An unscheduled vote has closed the door on the possibility of future wind farm developments in the Town of Yorkshire.
Yorkshire's zoning precludes wind farms and would require an amendment or a special use permit to go forward, but Town Board members decided to put legislation in place after the Southern Tier Advocates for Renewable Technology (START) pressed for a wind energy conversion facilities law that would attract and permit a wind farm.
That law was drafted in May designating possible future development in a neighborhood in the western side of the township. The Town Board began traveling to other wind farm communities and researched various impacts.
A finding on environmental impacts would have been the next step prior to a public hearing on the draft law, but instead, board members voted 4-1 Monday to halt the move toward rezoning or legislation to allow special use permits for commercial wind farms.
"It was time," said Councilwoman Connie E. Walker, who made the motion after reading a letter from longtime resident Dan Hilliker.
Hilliker stated his opposition to wind farms and pointed to the town's Comprehensive Land Use Plan, which was written to preserve and protect the rural nature of the town, and the lack of accommodations for wind facilities in the zoning law.
Walker said she decided on her own to make the motion because she had the feeling her fellow board members were beginning to get uneasy about how a project would affect the town, its property values and the ability of wind developers to obtain financing.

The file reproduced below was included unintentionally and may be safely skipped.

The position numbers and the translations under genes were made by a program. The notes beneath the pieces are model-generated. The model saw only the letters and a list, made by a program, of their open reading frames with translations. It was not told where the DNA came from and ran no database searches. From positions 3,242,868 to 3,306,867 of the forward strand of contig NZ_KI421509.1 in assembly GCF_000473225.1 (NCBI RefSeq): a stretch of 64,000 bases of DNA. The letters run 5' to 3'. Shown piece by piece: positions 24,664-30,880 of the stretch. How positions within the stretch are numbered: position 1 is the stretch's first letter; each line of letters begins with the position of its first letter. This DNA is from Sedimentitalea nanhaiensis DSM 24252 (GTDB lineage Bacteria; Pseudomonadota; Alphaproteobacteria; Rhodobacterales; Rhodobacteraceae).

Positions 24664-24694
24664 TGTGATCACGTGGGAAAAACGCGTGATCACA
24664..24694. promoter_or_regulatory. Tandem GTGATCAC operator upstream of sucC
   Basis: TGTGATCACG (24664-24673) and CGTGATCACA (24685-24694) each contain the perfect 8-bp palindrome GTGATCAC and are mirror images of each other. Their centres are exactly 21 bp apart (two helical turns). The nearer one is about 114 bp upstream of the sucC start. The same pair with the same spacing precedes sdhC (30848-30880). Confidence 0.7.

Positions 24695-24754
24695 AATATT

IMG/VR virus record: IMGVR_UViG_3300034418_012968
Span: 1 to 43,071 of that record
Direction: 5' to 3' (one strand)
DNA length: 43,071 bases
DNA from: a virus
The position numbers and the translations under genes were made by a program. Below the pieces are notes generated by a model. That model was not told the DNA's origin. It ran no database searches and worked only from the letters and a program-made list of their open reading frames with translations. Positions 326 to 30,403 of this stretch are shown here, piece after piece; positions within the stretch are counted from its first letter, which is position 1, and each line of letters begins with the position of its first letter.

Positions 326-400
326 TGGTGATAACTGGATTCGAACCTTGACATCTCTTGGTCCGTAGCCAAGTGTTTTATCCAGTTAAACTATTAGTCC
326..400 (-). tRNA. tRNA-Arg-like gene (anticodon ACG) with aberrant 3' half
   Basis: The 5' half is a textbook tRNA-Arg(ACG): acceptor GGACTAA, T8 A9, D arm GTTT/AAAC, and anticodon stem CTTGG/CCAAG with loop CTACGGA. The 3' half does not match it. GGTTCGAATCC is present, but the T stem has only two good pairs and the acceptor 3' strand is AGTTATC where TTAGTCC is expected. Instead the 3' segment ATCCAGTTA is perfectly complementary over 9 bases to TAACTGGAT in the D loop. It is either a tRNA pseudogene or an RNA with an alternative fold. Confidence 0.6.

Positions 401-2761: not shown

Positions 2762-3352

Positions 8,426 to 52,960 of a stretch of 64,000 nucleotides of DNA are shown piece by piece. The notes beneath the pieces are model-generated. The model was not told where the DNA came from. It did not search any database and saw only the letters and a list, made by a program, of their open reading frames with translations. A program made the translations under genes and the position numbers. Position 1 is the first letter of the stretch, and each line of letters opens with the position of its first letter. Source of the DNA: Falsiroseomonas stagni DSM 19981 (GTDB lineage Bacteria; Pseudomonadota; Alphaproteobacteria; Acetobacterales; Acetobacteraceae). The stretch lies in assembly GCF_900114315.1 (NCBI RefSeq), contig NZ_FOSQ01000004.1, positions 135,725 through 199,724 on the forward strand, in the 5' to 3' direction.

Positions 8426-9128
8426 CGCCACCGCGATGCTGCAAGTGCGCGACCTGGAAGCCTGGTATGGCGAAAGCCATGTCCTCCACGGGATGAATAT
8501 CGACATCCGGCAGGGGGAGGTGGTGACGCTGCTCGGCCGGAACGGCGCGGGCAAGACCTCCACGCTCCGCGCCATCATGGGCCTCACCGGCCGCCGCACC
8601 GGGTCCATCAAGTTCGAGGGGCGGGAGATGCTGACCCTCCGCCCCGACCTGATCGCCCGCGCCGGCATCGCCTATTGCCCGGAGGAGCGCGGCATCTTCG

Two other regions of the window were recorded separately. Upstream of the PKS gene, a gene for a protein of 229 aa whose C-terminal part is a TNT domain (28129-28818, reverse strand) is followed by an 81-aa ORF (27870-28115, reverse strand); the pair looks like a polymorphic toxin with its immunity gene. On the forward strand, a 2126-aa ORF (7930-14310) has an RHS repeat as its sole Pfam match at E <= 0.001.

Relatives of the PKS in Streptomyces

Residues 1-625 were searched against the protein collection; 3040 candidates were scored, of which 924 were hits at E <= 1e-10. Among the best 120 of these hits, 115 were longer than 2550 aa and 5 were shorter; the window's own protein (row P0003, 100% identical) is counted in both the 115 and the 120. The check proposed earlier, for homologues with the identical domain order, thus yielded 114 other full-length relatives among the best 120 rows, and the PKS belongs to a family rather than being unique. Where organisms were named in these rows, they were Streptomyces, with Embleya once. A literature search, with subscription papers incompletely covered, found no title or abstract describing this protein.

She told the board that after extensive research and listening to the pros and cons from all sides, including that of developer Horizon Wind Energy, that the impacts "would undoubtedly affect the quality of life of the 200-plus households west of McKinstry Road."
That is the area targeted by Horizon for its 30-megawatt facility powered by 15 to 20 turbines and connected to two more wind farm arrays in Machias and Ashford.
"How natural is replacing wooded areas and farmlands with 420-foot wind turbines, not to mention the effect on residents. The wind industry would remove forever the reason they built their homes in that area in the first place," said Walker.
Councilman Michael E. Miles told the Board he wanted a public hearing, but the vote proceeded and he cast the only "no" vote.
START co-chairman John Noto of Yorkshire said Wednesday he agrees with Miles and added that he is upset at the lack of public comment. He said the vote violates the First Amendment rights of those who favor the project and want to talk about it. His feeling is shared, he said, by 100 others who want to open up a new dialogue so the project can go forward, mostly for economic reasons and a projected tax reduction of 22 percent to 25 percent.
Noto said that Horizon has tried the easier path of working with the town but the company could pursue other options, including filing a building permit application that would trigger a decision from the Zoning Board of Appeals.
Horizon project manager Gary Davidson did not attend the meeting, but commented later that the vote to end discussion for his project "isn't favorable."